Online After Lunch Taskforce Meeting: How will disabled workers respond to a higher retirement age?
Starting in November, Netspar will organize online After Lunch Taskforce Meetings for partners and employees of partners every week on Tuesdays or Thursdays, in which researchers outline their latest retirement research and then receive feedback and answer questions. It is just another way we bring science, academics, and professional practice closer together.
Tunga Kantarcı (Tilburg University) presented the research he conducts with Jim Been (University Leiden) and Arthur van Soest (Tilburg University) during the Online After Lunch Taskforce Meeting on 19 November 2020. This was an English-speaking event.
In this meeting you heard more about: How will disabled workers respond to a higher retirement age?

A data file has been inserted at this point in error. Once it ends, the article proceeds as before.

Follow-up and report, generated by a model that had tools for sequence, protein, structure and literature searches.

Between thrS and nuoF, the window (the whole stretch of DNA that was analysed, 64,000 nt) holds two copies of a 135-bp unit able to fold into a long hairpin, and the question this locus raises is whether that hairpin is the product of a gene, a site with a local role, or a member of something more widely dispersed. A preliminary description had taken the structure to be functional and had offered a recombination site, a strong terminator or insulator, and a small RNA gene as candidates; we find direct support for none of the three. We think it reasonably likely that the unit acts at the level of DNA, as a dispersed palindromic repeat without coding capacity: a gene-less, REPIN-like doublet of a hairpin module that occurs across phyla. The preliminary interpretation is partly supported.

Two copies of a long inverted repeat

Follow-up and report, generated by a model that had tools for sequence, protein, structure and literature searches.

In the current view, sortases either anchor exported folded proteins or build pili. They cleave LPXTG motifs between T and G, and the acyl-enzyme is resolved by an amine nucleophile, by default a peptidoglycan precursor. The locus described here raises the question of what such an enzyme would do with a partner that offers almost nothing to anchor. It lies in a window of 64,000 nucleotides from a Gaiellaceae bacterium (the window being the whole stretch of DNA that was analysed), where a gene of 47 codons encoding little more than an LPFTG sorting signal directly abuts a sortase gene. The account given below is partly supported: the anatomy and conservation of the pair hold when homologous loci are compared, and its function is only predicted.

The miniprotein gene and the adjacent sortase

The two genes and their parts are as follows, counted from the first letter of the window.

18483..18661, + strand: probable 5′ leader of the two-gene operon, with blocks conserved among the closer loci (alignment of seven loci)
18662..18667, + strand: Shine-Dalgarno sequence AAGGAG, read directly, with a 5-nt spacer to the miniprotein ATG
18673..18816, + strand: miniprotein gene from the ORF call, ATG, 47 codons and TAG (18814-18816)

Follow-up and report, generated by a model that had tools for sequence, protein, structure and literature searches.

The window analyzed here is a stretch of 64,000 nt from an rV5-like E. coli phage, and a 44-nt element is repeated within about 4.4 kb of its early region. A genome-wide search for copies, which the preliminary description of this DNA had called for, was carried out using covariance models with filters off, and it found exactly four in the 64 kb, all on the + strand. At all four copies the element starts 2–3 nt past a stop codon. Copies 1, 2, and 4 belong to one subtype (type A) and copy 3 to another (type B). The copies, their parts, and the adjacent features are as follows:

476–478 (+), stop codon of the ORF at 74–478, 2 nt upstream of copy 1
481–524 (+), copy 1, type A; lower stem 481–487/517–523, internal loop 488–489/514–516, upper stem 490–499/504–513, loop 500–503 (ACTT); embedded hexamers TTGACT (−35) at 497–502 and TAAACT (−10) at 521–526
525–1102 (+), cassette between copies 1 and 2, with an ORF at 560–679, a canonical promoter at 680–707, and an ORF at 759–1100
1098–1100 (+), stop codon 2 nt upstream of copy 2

After this meeting you had input that on the fact that a higher retirement age does not imply prolonged periods of labor participation where disabled people fully utilize their remaining work capacity.
A higher statutory retirement age implies more disability benefit claims since the population of older workers with a work-limiting health problem is larger. Moreover, since disability benefit claims are paid until the statutory retirement age, beneficiaries claim benefits for longer periods of time. We show that an additional factor contributing to the increasing burden of disability benefit costs is the decreasing remaining work capacity of individuals with work-limiting health problems due to a higher statutory retirement age. That is, a higher statutory retirement age does not imply prolonged periods of labor market participation where individuals on disability benefits fully utilize their remaining work capacity. The ability to respond to work incentives decreases with age.